Read the case study here.
How does an implicit reaction time test work?
The commercial test is itself based on the evaluative priming paradigm in academic research (e.g., Fazio, et al., 1986)1. The first phase of the test is to detect target emotion words as belonging to either one category (e.g., Happy) or another (e.g., Sad). On each trial in this first phase, the word appears and the respondent has to press one key for happy words and another key for sad words. This is a very easy task, and respondents can do this very quickly with few errors.
In the second phase, the task is the same but the target emotion words are preceded very briefly by ‘primes’. These primes are either congruent with the target word (the prime is Joy when the target is Happy, or the prime is Gloomy when the target is Sad) or incongruent (the prime is Gloomy when the target is Happy, or the prime is Joy when the target is Sad). So on some trials the respondent might see the word Joy flash on the screen followed by Happy. They respond to the second word by pressing a key for happy words. The task can be performed quicker and with fewer errors in this case because the prime and the target are congruent. On other trials, the word Gloomy is flashed on the screen followed by Happy. This time, because Gloomy and Happy are incongruent, respondents are a little slower to detect Happy in their key press. The response may be slower by only a split second, yet when repeated over several trials and over many respondents, it would become ‘statistically significant’.
So let’s take this test into the commercial arena. The primes might be the same (Joy and Gloomy) but this time the targets could be Adidas and Nike. Respondents who have a strong preference for Adidas over Nike are likely to be quicker to respond to Joy > Adidas than Joy > Nike, and quicker to respond to Joy > Adidas than Gloomy > Adidas.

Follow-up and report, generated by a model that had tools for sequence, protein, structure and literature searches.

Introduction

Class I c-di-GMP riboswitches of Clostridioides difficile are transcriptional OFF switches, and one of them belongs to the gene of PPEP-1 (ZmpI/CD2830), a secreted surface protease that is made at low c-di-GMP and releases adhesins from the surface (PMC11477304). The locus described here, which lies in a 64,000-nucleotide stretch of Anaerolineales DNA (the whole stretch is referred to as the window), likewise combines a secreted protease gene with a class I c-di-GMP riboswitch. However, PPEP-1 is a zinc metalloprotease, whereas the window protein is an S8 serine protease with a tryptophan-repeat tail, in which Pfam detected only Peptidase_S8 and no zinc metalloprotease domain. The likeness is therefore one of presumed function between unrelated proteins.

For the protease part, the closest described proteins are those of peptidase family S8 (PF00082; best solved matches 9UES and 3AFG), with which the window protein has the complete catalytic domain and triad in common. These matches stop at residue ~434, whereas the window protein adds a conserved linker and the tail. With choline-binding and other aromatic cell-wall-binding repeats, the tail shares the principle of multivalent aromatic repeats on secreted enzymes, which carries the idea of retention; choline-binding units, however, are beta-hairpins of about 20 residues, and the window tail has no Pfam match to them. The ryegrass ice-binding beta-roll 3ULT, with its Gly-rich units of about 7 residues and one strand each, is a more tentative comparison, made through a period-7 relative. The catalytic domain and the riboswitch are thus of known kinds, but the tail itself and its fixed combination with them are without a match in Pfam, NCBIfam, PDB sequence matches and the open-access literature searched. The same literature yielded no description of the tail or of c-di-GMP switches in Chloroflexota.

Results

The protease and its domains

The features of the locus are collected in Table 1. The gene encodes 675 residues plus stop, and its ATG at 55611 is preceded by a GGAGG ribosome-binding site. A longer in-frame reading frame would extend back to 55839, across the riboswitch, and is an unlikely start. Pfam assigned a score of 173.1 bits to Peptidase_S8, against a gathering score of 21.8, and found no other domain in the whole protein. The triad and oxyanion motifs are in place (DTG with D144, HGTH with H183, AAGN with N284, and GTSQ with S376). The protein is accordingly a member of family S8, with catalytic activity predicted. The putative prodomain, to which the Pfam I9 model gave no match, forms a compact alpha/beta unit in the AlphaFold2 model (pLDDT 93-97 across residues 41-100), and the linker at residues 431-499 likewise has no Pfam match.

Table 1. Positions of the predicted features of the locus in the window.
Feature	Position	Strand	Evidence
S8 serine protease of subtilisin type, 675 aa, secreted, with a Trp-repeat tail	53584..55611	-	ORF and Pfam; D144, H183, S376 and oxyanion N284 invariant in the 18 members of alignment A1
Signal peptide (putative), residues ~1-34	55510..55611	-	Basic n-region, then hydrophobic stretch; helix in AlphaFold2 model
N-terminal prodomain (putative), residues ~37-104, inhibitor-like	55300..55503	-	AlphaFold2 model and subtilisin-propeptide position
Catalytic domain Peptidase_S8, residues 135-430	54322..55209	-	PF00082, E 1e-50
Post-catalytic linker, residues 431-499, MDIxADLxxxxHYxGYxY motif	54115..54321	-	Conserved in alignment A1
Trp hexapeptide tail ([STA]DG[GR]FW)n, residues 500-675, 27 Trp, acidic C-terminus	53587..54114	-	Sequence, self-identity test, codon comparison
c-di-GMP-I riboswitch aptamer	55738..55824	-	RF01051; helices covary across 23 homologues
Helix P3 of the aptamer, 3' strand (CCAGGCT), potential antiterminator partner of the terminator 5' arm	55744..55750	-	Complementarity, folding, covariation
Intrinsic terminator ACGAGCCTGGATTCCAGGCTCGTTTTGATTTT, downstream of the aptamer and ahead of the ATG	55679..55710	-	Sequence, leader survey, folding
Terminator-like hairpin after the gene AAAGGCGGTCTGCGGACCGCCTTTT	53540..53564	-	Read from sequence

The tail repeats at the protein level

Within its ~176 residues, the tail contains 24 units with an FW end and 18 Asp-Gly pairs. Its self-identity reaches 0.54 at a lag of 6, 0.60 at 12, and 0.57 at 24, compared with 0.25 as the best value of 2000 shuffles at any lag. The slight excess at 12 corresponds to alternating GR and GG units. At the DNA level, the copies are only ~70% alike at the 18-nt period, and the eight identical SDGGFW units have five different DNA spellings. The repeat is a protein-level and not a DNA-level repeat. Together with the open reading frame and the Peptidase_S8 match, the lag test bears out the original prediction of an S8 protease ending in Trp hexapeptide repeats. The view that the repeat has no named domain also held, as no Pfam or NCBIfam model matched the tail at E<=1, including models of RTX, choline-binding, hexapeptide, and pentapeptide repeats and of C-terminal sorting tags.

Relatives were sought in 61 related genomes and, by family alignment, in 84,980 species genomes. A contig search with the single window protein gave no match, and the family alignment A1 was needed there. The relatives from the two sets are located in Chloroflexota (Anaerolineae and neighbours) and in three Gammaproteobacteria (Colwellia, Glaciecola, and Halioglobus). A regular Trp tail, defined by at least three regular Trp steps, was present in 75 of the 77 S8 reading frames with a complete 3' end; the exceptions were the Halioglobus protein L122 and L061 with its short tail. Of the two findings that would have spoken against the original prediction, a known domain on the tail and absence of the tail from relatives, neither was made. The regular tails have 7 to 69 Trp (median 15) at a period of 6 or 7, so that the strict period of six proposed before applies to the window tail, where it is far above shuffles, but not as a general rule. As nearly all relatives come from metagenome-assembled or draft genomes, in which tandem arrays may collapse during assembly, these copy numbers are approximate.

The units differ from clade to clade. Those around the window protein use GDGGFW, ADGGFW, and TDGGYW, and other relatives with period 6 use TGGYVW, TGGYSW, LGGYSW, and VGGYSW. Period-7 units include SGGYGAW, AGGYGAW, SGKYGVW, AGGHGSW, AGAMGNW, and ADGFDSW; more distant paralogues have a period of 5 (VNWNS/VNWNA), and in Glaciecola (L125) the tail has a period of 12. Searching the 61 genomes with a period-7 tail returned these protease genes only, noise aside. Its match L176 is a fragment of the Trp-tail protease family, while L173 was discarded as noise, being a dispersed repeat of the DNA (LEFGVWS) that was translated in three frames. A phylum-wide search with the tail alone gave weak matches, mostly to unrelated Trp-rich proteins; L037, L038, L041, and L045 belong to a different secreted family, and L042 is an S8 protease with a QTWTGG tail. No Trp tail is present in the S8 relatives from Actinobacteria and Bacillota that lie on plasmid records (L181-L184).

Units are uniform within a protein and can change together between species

In implicit response testing, we broaden the primes to refelct attributes related to brand equity, such as Trusted, Modern, Friendly, Cool, and so on. The targets can be more than just brands, and can be pack designs, celebrities, claims, and so on.
In fact, there is not only one type of implicit test but several, with each being designed to measure a specific aspect of consumer evaluation, such as ad testing, pack testing, claims testing, NPD testing, celebrity endorsement testing, as well as brand positioning.
1Fazio, R. H., Sanbonmatsu, D. M., Powell, M. C., & Kardes, F. R. (1986). On the automatic activation of attitudes. Journal of Personality and Social Psychology, 50, 229–238. doi:10.1037/0022-35188.8.131.52
Price promotions: More than you bargained for?
Dr Eamon Fulcher, CEO & Co-founder, Split Second Research.
Everyone, so it seems, loves a bargain. But all bargains may not be equal. A price discount on a single item may be perceived differently from a unit offer, such as buy one get one free, and differently from a free gift with every purchase kind of offer. Just which kind of offer is best for a particular brand or market category is the subject of ongoing research from Split Second Research. Although offers can clearly push sales, the fear is that they will adversely affect perception of the brand, as the consumer comes to question aspects such as its quality, reliability, trustworthiness, premiumness, and other attributes.
One way to avoid this is to give a well-accepted motivation for the offer, such as the end of the season, a few days after a festive period, when signing up for a store card, giving discount for purchasing online, and so on. One interesting question is whether promotional offers on luxury goods has any negative impact on the brands. The idea of say, a price discount seems incompatible with the notion of premium or luxury. So for example, the common promotional mechanisms of ‘half price’ and ‘buy-one-get-one-free’ would seem unsuited to brands such as Rolex, Calvin Klein, and so on. It would make common sense that widening the availability of luxury goods through such offers could devalue its brand equity.